Case Studies and Reviews
A review of the importance of freshwater inflow to the future conservation of Lake St Lucia
- 1.Lake St Lucia, the oldest formally protected estuary in the world is under threat from historic and present manipulation of freshwater supplies to the system.
- 2.Constraints to the functioning of the ecosystem began in 1914 with the commencement of draining and canalization of the Mfolozi Swamp to open up the swamp and river floodplain for sugar cane cultivation. Warner's Drain was completed in 1936 and the sediment filtering capability of the swamp on river floodwaters was effectively removed. This resulted in exceptionally high sediment loads from the Mfolozi River entering directly into the St Lucia system and the river was therefore diverted southwards and provided with a separate estuary mouth. This deprived St Lucia of its single largest freshwater supply.
- 3.During the past 50–60 years, increasing freshwater abstractions from the Mkhuze, Mzinene, Hluhluwe and Nyalazi rivers have contributed to the increasingly severe salinity extremes experienced by Lake St Lucia. In the past decade, desiccation of large areas of False Bay, North and South Lake has occurred, due primarily to natural estuary mouth closure combined with a prolonged drought and unnaturally low freshwater inflows during the closed phase. These events have pushed the system into an extreme state that has not been recorded previously and would not have occurred if Mfolozi River water had been available to the St Lucia system over this drought period.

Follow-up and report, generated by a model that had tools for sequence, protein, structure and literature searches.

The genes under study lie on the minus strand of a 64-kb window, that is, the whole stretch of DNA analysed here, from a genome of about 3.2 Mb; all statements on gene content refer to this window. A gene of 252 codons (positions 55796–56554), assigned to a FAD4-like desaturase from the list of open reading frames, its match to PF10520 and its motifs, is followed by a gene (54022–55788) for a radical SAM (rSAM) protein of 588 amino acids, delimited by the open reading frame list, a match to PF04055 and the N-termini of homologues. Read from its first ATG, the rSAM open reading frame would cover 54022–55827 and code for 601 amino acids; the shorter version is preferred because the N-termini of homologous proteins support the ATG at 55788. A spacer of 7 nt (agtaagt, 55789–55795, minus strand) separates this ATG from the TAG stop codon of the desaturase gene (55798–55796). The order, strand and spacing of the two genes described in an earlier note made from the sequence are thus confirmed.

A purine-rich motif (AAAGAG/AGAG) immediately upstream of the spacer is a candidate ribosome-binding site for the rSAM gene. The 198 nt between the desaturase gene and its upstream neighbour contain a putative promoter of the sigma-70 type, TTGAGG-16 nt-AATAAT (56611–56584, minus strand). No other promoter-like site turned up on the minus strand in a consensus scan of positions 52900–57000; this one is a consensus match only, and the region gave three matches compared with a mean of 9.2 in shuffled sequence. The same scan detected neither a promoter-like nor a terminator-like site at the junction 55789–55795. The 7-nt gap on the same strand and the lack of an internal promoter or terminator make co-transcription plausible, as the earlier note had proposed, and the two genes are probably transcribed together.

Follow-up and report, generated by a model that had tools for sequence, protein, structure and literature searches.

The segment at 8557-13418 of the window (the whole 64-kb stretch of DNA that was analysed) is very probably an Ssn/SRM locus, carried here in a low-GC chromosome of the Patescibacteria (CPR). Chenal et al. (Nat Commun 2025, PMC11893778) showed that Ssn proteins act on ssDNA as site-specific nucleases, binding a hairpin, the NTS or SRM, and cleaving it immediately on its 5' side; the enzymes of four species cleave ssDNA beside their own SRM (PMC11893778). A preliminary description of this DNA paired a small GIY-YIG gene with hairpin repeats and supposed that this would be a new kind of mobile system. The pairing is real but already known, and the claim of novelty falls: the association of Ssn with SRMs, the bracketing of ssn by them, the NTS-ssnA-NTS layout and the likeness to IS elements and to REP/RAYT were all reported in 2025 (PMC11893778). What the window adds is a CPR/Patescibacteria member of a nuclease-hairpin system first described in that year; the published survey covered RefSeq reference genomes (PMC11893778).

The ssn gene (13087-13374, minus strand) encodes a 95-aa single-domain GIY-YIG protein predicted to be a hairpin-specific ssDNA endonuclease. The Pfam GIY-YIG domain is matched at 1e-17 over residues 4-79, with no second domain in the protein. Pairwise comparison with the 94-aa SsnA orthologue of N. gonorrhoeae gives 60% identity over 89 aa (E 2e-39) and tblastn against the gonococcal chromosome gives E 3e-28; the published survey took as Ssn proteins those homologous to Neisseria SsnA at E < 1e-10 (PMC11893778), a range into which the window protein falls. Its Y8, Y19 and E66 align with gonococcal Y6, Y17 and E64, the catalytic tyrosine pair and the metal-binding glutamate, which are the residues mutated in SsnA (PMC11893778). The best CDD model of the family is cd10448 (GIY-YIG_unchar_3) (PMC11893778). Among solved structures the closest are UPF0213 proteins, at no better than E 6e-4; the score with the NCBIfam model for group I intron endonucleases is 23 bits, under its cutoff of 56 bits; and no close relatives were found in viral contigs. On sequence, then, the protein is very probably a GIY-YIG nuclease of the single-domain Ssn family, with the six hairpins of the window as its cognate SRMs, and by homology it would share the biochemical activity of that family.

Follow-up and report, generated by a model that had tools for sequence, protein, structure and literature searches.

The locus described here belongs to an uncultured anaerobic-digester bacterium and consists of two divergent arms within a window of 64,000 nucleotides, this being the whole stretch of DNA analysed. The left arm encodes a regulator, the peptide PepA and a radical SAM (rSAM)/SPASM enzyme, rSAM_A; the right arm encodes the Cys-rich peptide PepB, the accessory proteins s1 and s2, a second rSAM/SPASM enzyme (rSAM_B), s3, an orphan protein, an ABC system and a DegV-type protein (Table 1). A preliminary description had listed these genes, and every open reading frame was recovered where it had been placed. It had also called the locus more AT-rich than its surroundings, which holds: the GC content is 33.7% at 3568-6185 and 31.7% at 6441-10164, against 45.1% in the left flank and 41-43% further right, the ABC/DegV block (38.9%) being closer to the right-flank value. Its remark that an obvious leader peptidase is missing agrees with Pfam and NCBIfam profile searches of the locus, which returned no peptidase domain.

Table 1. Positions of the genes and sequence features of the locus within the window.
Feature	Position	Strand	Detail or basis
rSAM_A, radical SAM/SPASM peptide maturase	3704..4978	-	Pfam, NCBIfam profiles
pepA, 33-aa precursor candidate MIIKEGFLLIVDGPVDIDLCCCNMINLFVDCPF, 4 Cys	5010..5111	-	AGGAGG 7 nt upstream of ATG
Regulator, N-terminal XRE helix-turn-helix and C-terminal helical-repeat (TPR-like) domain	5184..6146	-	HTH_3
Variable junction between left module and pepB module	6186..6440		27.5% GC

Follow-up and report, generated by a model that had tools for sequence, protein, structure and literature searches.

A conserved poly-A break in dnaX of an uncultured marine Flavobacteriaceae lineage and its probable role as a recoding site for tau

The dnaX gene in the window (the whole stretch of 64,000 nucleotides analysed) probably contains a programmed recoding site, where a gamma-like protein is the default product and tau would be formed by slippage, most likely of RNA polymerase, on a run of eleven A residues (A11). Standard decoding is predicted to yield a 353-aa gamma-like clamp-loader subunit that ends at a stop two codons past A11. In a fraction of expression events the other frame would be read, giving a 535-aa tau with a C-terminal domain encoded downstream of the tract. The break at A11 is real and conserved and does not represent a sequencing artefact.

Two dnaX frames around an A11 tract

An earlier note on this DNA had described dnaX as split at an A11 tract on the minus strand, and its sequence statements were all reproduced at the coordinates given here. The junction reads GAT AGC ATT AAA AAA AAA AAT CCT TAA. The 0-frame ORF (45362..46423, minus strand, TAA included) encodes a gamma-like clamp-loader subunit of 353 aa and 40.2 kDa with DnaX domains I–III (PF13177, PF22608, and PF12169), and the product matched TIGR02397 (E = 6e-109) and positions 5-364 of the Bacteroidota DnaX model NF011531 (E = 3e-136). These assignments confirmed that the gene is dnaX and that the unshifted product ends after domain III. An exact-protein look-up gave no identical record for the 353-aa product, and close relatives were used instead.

- 4.Forestry plantations have further exacerbated the freshwater supply situation, although recent removal of pine plantations on the eastern and western shores of the lake are likely to help restore groundwater flows to the system.
- 5.This review explores the possibility of relinking the Mfolozi River, once the Mfolozi floodplain swamp has been re-established, to the St Lucia system, thereby bringing urgently needed fresh water to this threatened World Heritage Site. Copyright © 2009 John Wiley & Sons, Ltd.